Recent News & Blog

Posted on April 16th, 2019 in Events, Speaking Engagements Tags: ,

Dozens of students at Arsenal Tech High School who have an interest in starting their own business gathered in the historic courtroom on campus to listen to panelists from a variety of backgrounds talk about their experiences with entrepreneurship. This is because being an entrepreneur is more about having a certain skill set and mindset than anything – and that skill set can be helpful whether it results in founding a business or pursuing a more traditional career.

After a presentation from Kathy England of Regions Bank about the importance of understanding the realities of how financials play a role in starting a business, Joseph Eldridge of 100 Black Men Indianapolis moderated the panel, along with questions from students. Below are some highlights from the panelists:

Chris Hoyt

Chris Hoyt – Founder, Apprenace

“Often, people are searching for how to get to the top when the solution is right next to us. When I found something that I do well, I wanted to see how to turn it into a business – but just because you do something well, does not always mean customers are ready for it. The first thing you need is customers, if you don’t want to fail. Once I had enough people saying ‘yes, I would like to try this,’ then I used their feedback to create my initial product offerings. We did a lot to understand businesses and what their concerns and doubts are so that we are offering something specific rather than ambiguous.”

Melita Carter

Melita Carter – Founder & CEO, Natural Born Leaders Academy

“As you are building your business, you don’t have to be good at every aspect of your business, but you have to know a little bit about everything to make sure other people you hire do their job well… As long as you know a little about a lot, to hire the right people, you can be successful. And that comes from reading and reading and researching and researching.”

NaShana Mitchell

NaShana Mitchell – Founder, Studio B; Co-founder, Design Bank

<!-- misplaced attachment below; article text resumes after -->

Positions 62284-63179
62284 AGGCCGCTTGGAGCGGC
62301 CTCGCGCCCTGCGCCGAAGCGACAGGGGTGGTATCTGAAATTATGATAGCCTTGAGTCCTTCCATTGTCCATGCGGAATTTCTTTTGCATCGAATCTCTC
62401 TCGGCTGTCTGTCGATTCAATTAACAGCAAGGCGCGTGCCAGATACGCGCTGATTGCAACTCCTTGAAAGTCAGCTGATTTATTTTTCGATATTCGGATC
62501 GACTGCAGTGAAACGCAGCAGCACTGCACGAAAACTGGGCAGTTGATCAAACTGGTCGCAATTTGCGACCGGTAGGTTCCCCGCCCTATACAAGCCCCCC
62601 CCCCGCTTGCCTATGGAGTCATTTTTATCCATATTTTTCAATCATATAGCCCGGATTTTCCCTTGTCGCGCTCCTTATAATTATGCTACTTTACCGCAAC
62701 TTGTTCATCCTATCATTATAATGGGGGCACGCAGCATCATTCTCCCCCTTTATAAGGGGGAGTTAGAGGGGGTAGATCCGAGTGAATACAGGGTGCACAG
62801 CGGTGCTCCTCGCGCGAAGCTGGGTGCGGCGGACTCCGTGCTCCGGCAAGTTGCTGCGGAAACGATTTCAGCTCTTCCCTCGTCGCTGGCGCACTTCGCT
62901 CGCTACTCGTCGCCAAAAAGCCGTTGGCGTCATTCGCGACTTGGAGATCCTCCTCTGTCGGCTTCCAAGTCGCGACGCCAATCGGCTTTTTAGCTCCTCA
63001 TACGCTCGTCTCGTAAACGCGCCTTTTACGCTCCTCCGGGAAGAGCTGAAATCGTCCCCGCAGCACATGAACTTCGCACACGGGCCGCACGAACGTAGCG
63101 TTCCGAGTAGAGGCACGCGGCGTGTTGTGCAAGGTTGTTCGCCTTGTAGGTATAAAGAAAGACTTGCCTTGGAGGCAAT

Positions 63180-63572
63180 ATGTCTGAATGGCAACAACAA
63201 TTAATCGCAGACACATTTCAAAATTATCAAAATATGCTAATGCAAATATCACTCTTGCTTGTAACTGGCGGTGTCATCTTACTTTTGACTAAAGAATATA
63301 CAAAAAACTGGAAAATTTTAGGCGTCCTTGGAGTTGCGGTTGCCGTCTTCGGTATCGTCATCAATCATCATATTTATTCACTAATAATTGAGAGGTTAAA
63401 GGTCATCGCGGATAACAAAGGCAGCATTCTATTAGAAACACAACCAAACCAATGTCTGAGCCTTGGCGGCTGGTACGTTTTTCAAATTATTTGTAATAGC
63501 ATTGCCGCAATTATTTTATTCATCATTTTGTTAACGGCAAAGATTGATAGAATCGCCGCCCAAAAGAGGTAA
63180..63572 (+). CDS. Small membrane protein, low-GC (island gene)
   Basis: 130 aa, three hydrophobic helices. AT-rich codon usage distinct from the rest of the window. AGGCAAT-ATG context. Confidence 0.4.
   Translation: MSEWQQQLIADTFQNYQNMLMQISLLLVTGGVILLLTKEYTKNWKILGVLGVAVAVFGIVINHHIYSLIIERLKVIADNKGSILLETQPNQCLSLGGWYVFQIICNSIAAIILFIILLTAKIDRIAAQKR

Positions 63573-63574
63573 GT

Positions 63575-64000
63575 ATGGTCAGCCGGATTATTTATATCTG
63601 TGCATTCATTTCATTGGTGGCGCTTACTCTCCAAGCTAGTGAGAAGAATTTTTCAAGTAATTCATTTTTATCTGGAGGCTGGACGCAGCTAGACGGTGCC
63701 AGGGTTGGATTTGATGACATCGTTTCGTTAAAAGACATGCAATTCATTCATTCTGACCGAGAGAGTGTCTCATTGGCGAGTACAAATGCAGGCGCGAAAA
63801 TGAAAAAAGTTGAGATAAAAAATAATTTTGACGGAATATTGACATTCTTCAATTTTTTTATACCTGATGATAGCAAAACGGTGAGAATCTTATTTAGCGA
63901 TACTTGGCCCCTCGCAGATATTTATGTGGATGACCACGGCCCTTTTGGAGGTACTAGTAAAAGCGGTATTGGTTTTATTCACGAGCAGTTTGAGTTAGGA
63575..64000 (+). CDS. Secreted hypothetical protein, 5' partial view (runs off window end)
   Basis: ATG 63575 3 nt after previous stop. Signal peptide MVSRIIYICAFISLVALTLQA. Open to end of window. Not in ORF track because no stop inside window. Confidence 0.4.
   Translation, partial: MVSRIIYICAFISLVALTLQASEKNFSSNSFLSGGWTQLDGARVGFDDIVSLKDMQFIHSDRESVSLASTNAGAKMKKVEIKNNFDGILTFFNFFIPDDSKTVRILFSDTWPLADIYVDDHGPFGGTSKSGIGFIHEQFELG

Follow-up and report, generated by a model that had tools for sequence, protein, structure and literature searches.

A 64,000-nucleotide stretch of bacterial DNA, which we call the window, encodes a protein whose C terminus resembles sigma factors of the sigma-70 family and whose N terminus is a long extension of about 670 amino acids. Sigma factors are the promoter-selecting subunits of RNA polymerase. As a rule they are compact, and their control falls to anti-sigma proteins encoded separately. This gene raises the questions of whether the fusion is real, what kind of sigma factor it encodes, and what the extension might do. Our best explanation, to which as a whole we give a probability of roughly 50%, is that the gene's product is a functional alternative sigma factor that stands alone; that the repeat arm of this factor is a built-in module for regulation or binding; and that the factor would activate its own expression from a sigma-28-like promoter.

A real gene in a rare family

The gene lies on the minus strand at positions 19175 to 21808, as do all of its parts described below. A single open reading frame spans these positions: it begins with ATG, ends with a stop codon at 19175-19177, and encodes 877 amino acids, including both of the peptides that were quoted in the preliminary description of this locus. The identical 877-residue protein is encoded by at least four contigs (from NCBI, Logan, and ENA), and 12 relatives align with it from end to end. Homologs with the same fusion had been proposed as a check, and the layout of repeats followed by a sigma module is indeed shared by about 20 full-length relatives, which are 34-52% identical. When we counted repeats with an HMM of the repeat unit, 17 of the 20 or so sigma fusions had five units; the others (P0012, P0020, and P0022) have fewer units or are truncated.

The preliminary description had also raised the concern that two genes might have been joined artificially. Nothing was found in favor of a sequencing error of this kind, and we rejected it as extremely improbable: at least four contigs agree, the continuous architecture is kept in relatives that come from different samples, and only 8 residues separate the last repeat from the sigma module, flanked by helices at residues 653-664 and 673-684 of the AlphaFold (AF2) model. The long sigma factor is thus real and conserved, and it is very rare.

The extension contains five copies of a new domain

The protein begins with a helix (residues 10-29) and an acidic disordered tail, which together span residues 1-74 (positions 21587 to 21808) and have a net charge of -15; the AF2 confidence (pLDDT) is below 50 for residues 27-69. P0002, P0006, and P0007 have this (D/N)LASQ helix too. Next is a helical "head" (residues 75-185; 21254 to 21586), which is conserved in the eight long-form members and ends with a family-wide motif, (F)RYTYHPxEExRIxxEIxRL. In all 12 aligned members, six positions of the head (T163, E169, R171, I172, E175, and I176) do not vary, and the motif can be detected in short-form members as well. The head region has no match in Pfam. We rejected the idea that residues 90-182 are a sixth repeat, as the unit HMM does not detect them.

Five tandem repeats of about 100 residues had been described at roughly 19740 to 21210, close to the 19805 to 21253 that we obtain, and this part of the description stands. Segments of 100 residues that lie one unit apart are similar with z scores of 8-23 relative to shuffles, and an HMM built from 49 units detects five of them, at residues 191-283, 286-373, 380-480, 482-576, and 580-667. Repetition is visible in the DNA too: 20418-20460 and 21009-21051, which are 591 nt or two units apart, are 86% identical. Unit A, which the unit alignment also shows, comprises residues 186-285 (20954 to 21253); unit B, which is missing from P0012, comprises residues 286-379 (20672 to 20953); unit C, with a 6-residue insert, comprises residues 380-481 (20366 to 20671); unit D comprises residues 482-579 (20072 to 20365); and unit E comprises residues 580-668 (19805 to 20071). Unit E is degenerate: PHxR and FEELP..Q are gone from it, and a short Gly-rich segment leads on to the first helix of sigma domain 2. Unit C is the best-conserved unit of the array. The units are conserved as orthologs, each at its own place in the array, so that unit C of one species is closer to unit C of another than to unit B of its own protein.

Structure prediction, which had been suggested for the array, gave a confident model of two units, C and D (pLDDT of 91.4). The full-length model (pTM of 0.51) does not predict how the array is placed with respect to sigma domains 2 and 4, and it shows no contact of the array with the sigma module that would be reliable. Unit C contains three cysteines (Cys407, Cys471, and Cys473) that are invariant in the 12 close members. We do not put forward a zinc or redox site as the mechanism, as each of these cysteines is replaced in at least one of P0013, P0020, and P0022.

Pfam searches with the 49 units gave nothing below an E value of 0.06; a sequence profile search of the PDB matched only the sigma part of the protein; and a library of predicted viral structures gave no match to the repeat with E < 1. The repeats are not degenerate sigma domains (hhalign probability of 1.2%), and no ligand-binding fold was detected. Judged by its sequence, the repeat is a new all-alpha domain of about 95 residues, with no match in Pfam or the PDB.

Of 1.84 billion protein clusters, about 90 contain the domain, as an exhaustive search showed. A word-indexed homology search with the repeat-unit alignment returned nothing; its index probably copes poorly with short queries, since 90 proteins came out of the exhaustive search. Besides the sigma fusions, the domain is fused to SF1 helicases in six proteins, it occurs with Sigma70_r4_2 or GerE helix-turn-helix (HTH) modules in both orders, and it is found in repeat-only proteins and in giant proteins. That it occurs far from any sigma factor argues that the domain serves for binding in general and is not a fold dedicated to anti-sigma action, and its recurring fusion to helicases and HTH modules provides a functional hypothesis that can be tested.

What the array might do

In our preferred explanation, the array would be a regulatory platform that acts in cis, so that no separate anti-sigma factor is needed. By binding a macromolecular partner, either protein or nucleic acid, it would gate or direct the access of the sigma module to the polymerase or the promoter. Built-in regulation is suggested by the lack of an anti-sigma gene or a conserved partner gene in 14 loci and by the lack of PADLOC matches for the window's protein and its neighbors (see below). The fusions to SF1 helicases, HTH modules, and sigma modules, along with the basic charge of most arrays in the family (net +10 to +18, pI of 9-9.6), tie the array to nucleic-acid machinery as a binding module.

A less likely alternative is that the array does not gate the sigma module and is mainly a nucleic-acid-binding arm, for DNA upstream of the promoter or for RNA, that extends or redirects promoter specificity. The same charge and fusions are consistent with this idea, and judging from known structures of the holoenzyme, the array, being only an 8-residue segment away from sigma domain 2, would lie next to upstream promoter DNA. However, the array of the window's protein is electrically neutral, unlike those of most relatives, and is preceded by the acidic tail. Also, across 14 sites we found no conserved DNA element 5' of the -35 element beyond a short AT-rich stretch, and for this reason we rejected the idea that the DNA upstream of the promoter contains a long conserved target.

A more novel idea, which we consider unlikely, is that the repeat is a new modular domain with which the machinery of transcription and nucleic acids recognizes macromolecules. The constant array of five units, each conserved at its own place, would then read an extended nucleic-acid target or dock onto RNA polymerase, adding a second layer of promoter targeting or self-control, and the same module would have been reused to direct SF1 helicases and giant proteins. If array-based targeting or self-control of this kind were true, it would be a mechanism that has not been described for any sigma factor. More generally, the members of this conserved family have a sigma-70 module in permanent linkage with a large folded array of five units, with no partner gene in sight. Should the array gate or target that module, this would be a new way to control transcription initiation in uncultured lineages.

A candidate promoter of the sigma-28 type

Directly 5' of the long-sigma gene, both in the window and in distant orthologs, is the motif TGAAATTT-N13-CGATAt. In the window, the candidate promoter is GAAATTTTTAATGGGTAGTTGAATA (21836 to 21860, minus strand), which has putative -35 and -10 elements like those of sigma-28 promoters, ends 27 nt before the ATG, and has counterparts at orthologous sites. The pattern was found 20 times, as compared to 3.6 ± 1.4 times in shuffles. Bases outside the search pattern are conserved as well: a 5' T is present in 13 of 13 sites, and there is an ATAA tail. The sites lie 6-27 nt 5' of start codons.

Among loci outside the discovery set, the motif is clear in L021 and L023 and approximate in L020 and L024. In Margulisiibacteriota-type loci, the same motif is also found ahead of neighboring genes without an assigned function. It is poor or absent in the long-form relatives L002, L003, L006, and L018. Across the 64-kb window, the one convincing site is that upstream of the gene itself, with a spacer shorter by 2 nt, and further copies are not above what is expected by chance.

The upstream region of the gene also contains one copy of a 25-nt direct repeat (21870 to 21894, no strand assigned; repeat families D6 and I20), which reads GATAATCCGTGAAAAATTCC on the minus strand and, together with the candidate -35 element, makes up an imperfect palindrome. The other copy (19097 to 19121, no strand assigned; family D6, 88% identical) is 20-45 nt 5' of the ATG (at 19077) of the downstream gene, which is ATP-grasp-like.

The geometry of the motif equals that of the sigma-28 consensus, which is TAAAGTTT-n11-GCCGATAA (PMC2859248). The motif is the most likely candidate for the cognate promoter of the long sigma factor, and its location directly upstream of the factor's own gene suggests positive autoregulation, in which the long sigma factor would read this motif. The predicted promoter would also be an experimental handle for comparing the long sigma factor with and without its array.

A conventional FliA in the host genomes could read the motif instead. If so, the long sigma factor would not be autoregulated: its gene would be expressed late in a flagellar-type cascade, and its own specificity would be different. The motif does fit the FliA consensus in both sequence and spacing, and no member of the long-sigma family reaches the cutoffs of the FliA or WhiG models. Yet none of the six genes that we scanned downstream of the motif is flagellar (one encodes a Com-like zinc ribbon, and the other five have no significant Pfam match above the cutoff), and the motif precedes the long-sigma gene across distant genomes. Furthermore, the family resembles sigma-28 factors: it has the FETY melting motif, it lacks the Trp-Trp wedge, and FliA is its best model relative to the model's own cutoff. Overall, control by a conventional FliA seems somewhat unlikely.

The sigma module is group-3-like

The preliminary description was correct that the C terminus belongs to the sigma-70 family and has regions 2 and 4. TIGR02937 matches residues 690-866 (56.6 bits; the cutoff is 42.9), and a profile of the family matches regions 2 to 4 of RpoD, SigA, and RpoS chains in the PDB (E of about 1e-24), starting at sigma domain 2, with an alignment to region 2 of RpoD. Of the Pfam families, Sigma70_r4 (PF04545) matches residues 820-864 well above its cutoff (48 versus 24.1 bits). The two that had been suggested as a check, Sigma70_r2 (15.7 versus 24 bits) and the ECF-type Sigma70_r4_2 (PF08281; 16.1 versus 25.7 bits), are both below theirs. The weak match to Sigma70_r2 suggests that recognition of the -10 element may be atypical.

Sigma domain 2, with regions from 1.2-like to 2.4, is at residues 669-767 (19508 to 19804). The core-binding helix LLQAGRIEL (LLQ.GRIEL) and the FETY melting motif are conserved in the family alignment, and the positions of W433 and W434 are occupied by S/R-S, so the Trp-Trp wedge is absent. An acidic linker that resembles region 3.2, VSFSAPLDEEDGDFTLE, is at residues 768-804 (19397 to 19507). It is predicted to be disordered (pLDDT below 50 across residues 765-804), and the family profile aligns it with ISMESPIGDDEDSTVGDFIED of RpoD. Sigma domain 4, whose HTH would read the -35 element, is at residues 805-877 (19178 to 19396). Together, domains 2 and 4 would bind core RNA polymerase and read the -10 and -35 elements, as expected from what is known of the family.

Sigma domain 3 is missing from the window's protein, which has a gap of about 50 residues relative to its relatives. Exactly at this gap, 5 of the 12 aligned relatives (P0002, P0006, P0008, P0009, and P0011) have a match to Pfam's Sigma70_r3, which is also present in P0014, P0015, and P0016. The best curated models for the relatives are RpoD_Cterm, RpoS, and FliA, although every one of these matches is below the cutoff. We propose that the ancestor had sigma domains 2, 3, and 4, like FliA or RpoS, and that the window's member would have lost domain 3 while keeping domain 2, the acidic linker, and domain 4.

“You need to ask yourself why, what, who, where? Why am I committed? What am I offering? Who is my customer that will use this? And where do the transactions take place? Is it a building or online? And as you figure that out, it always circles back to ‘why,’ and you go from there. I had a business where once we made a $10,000 mistake – so after that we asked lots of questions and learned from it to make the right decision next time.”

Aundre G. Hogue

Aundre G. hogue – Regional Vice President, PFS Investments

“You don’t have to be good at everything, but your business does. To go to the next level, it is more of a mindset – too many  people never get off the ground because they are scared to fail. I don’t know anyone who is successful who hasn’t failed first. You need to fail forward, and keep moving.”

Dani Williams

Dani Williams – Entrepreneur, Creative Leader, Social Media Strategist

“When I decided to become a special media strategist, it is because I found a need… Some people have wants, and some have needs – I have been most successful when I find a need and try to fill it. I am also a big believer in collaboration over competition, so I find ways for entrepreneurs to raise each other up through business.”

“Thank you for doing this. No one has ever done something like this for us.”
– Arsenal Tech student after the event

For more about the panelists, view the program from the event.


Posted on March 8th, 2019 in Events, Speaking Engagements Tags:

A group of young adults learned about the realities of “being your own boss” at an entrepreneur panel at the Pivot Re-engagement Center at the Finish Line Boys & Girls Club on the Far Eastside of Indianapolis. Check out the highlight video to see some of the top takeaways, and click on the image below the video to view the program and learn more about the panelists.

Click to view the event program and learn more about the panelists


Initiative successfully employed more than 6000 young adults in its first three years and continues furthering employer partnerships in 2019